walshsykes“I think it was my fault to be honest that the fight wasn’t better than it was, I made him look bad and I didn’t think it was a great fight but that’s because I didn’t allow it to be. I switched southpaw and disrupted his rhythm, didn’t allow him to get two or three punches off at a time and did what I had to do to win. There was a lot at stake in this fight, but for my next fight I’m definitely going out there to entertain the fans more!”

Speaking to the amiable 28-year-old, you get a sense that he is eager to make up for lost time. As Walsh will tell you, he’s a young twenty-eight, but setbacks have denied him from being further advanced in his career than he is now. Drafted in as a surprise world title challenger for Ricky Burns’ WBO lightweight crown in December 2012, Walsh was injured in a car accident just a month ahead of the clash and forced to pull out.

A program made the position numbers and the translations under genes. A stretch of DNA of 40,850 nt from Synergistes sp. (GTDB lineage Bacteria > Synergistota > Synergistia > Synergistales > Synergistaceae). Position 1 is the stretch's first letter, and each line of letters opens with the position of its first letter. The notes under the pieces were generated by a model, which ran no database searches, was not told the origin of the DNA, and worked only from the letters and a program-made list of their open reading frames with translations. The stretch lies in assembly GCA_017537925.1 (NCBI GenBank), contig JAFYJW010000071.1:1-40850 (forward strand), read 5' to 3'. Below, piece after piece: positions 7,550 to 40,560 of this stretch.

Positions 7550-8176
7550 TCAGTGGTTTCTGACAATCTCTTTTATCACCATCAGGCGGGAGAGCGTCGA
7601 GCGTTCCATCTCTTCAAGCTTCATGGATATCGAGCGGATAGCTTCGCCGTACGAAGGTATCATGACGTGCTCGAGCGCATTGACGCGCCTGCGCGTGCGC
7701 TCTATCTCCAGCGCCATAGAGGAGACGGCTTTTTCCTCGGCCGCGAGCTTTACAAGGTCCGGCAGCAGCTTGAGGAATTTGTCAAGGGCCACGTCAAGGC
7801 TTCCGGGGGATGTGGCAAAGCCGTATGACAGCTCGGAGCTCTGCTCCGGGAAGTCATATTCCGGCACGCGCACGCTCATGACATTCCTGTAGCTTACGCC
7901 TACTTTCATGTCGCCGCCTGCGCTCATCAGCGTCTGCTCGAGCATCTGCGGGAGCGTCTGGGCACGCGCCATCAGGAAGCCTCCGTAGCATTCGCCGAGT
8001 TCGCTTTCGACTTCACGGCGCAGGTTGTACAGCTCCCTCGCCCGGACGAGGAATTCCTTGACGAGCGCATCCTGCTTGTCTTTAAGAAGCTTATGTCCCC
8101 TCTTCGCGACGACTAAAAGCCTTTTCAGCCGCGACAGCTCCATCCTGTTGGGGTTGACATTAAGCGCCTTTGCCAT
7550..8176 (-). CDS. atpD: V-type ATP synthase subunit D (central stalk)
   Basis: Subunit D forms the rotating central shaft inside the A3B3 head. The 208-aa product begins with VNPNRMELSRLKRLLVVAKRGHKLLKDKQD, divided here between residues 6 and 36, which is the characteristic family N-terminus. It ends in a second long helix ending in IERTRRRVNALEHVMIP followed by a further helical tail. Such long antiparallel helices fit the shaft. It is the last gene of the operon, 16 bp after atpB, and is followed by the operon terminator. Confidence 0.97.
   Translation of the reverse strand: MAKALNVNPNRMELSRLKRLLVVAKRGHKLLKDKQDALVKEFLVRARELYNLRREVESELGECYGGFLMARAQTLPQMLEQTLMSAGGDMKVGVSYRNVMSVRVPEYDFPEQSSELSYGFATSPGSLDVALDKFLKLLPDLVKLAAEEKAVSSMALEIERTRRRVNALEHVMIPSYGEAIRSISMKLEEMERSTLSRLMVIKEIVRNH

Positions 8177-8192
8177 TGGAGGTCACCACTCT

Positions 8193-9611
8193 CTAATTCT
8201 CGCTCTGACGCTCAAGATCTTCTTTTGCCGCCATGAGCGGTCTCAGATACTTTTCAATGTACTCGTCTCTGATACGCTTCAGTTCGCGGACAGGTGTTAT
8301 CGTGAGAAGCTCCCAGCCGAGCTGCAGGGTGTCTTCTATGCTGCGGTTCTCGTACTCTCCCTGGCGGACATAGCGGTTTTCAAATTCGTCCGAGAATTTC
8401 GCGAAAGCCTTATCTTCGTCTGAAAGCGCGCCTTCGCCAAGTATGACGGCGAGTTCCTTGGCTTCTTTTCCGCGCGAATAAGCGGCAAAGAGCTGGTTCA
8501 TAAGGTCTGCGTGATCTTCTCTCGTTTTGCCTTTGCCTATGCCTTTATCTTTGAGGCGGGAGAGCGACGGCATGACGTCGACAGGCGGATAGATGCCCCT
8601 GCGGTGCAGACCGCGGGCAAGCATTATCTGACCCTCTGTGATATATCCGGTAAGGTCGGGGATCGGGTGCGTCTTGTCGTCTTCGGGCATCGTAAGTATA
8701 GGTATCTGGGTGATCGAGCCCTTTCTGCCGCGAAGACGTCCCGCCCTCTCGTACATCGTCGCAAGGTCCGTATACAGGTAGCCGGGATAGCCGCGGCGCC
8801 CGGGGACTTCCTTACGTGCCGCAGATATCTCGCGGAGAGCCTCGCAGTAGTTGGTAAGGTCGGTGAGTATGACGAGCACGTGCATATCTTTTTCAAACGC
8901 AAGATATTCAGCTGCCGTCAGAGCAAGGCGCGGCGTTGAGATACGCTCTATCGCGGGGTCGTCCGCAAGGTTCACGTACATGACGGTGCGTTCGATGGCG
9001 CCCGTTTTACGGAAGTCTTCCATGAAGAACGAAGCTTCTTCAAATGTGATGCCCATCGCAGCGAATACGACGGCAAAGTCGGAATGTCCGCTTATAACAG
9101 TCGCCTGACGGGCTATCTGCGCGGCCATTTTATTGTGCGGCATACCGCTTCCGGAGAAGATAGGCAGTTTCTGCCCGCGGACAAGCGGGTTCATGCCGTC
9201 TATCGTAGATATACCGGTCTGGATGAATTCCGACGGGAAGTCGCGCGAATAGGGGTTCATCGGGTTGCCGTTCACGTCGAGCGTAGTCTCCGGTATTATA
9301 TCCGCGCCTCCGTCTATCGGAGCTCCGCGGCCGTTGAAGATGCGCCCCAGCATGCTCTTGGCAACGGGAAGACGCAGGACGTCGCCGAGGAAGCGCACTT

Muscle injuries resulting from the accident led to more spells on the sidelines and have restricted Walsh to just four appearances in the last two years. But now as a unified domestic champion and with his all of his bad luck hopefully behind him as he moves into his prime, he can surely allow himself some rest and a mince pie or two over the coming festive period?

“Well I was back in the gym at 7.30 on the Sunday morning so there’s your answer! I really want to kick on now, I have had injuries and a lot of time out over the past couple of years. I’d like to back out again pretty soon in the New Year. I’d love to put four or five fights together in a bit of a run and this time next year hopefully be fringe world-level, not far off challenging for a world title.”